In particular, as shown in FIG. 5, when the rotary shaft 11 rotates only within a range of ±15°, the relationship between the output of the Hall element 21 and the angle of the shaft rotation can be considered as linear. Thus, the output from the Hall element 21 need only be multiplied by a coefficient and used as is for the rotational angle of the rotary shaft 11. In fact during actual use, this relationship is even closer to being perfectly linear because the rotary shaft 11 is only rotated ±7.5°. As a result, the rotational angle of the rotary shaft 11 can be easily detected with an even higher degree of precision.

In addition, as shown in FIG. 5, when the rotary shaft 11 and the armature core 141 are in the reference position, the derivative value of the output voltage of the Hall element 21 based on the rotational angle becomes a maximum. Therefore, the rotational angles near the reference position can be detected with a high degree of precision.

The Hall element 21 of the potentiometer 2 is disposed in a strong magnetic field because the N pole and S pole face each other and form parallel magnetic fields around the Hall element 21. Therefore, the potentiometer 2 can detect the rotational angle of the rotary shaft 11 without contact therewith and with a high degree of precision. In addition, when the rotary shaft 11 rotates within a narrow range, the relationship between the output of the Hall element 21 and the rotational angle of the rotary shaft 11 is nearly linear. As a result of the linearity, the rotational angle of the rotary shaft 11 can be more easily detected.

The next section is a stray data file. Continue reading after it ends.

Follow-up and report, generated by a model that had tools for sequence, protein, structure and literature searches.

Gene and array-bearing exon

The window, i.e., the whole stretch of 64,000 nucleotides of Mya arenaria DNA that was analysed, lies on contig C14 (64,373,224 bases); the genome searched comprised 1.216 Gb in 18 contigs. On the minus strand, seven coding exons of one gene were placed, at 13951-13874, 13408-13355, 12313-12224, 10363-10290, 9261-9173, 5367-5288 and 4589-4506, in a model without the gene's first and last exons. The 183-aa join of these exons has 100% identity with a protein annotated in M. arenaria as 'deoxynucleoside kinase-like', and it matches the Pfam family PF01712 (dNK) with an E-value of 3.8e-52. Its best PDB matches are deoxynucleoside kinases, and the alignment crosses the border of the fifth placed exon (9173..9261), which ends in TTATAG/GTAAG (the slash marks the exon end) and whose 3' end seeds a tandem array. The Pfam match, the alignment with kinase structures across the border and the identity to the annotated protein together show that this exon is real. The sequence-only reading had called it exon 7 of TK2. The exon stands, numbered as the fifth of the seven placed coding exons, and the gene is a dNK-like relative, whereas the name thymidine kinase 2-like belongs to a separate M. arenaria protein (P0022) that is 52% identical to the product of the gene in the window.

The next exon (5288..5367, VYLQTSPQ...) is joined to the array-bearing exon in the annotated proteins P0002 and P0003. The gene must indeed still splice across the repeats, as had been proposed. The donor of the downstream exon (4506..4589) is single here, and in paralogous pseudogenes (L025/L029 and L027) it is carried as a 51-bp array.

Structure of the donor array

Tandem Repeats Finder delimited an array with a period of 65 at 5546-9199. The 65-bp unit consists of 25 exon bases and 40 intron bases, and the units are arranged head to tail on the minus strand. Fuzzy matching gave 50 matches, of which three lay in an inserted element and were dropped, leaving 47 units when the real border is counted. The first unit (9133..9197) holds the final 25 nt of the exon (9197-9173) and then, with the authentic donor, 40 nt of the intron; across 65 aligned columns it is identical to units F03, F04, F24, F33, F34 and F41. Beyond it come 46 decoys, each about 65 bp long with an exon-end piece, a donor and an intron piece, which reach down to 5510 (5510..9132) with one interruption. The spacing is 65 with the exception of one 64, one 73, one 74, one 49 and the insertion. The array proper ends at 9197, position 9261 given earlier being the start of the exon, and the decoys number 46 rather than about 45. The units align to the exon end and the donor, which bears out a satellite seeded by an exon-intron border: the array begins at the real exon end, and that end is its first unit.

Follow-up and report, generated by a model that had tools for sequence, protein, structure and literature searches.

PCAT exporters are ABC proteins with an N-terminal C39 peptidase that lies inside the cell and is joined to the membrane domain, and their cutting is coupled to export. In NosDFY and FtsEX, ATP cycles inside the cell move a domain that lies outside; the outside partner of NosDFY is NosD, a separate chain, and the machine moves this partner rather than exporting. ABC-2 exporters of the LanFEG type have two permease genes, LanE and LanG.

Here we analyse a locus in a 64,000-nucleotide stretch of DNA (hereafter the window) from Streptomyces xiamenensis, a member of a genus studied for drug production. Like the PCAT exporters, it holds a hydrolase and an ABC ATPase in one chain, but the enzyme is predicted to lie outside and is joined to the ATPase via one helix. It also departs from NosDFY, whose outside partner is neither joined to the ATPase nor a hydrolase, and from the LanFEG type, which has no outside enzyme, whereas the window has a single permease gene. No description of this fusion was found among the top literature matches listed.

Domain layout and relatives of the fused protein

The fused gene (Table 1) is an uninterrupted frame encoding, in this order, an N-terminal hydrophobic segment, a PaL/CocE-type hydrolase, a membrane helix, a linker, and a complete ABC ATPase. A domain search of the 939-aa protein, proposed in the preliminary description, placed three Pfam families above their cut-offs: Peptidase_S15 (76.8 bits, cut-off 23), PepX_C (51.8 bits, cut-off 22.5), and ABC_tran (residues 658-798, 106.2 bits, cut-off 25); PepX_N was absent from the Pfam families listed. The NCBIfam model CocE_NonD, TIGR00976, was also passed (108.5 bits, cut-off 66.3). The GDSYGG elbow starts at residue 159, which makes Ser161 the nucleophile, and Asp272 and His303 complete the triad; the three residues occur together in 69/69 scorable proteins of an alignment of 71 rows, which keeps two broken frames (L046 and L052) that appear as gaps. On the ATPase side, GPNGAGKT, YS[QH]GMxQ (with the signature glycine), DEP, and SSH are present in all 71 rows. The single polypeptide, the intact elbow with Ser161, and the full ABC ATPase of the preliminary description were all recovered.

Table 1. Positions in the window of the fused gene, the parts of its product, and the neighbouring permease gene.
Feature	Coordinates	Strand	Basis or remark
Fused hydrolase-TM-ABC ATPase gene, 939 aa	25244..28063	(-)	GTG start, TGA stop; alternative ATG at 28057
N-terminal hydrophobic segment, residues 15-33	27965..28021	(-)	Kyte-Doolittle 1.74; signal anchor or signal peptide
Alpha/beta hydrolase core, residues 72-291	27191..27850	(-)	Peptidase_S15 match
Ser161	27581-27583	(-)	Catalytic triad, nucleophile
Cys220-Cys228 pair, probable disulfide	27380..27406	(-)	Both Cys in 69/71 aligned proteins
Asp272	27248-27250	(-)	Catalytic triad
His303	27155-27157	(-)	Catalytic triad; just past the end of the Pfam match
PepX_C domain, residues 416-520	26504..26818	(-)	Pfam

Note that even if the Hall element 21 is slightly out of position, the intensity of the magnetic field surrounding it will not change a great deal because the Hall element 21 is disposed inside of the parallel magnetic fields. Thus, neither the Hall element 21 and the circuit board 23, nor the actuator 1, need be assembled with a high degree of precision.

A number of other advantages are achieved by means of the present invention. For example, the rotating and/or moving parts in the present invention can be made much smaller than they could be in an actuator which the magnets 241 and 242 are fixed on the rotary shaft 11 and the Hall element 21 is secured on the stationary casing 123. This is because the magnets 241 and 242 are fixed on the stationary casing 123, and the Hall element 21 is secured on a support shaft 22 that is integral with the rotary shaft 11. As a result, the inertia of the rotary shaft 11 can be reduced, the rotary shaft 11 can rotate smoothly, and the structure can be simplified and made mechanically quite stable.